I have a question which hopefully you can answer.

Router/Modem one is attached to the internet and transmits a wireless signal. My computer is connected to the internet via a wireless adapter, when I want to connect to my network TV HDD, printer , and home server (possibly a windows home server in the future) I just disconnect from Router one and connect to Router two. I want to know if it is possible to run a wired Ethernet cable in-between my computer and router two so I can connect to both networks. Wired to router two with the HDD and printer, and wireless to router one for internet.
Now here are the rules!!!

-I can NOT run a wire in-between router one and router two (by order of wife!)
-I can disable the wireless and/or DHCP on router two or even replace it with a switch.

If you have any good answers I would really appreciate them.
Thanks a lot,

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that is a very good question... i will have to look into that a little and get back to you.

can you connect router 1 and router 2 together? and why do you have 2 routers why don't you just run all of your stuff through router1?

Is router 2 connected to the internet as well? If it is, then you can't do it with what you have.

What you're trying to do if in case router 2 is also online is called multi-homing. This normally used for fail-over solutions like when one connection is down, while the other isn't, you'd still be online. These require special ethernet adapters.

With what you have, you can opt to do the following (only if router 2 is not connected to the internet and is just being used for networking:

You need 2 IP addresses on your computer which can be done if you connect wirelessly to router 1, and use router 2 as a switch while sharing the internet connection on the wireless computer to your ethernet adapter. This way, your wireless adapter gets the IP address given by router 1, for example; and your ethernet gives out an IP address of 192.168.0.x to the computers /devices connected to router 2. You'll have to turn off DHCP on router 2.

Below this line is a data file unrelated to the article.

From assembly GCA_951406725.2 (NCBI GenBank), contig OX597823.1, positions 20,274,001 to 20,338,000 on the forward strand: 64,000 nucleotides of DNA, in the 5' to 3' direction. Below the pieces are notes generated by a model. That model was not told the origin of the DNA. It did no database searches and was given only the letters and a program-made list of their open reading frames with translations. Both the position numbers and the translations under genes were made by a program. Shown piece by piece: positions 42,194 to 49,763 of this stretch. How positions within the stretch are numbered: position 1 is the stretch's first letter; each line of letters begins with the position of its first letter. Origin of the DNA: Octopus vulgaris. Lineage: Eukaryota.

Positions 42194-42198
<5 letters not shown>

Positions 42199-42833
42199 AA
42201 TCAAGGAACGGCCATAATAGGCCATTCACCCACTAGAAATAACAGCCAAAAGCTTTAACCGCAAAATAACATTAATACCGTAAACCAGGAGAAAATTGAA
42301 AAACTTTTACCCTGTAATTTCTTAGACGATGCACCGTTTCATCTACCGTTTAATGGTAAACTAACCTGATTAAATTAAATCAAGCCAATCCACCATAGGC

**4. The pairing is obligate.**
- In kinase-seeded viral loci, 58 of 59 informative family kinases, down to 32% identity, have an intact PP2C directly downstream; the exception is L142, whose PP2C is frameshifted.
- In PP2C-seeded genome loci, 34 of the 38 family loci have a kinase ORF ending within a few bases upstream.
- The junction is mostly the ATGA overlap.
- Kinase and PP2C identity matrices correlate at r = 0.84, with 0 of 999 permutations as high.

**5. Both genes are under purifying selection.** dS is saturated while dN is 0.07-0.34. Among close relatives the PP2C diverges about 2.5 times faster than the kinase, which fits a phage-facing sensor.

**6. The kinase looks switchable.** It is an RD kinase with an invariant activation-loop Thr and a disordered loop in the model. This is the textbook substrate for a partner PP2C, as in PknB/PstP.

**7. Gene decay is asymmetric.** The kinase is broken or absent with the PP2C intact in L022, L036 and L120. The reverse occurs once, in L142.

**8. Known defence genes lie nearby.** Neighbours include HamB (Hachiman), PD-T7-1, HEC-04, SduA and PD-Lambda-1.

By doing this, you'll have internet access wirelessly to router 2 and share files or what not to devices on router 2. The only caveat is that when you disconnect your computer from router 2, they lose the that your computer assigned them.

Just playing around with the idea. It's tough but possible. Ideal? definitely not but at least it answers your question with the rules you need to follow.

THE BETTER OPTION: Get a wireless access point and configure it to be a wirelss repeater connecting to the wireless router. Connect it to AP's ethernet to the regular ports on router 2, disable DHCP and you're all set. This is a form of wireless bridging. While some router allow this others don't and would require you to buy 2 wireless to wired bridges. One connected to the router 1 and another connected to router 2. You dont need a switch since router 2 can be converted to act like one by simply turning off DHCP.

Hope this helps.

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Thanks for the support as well.

If I am getting your question right: you have one computer, connected to two routers. One of the routers connects to internet, another to inside your home. Now, you want to connect to router-2 without disconnecting to router-1.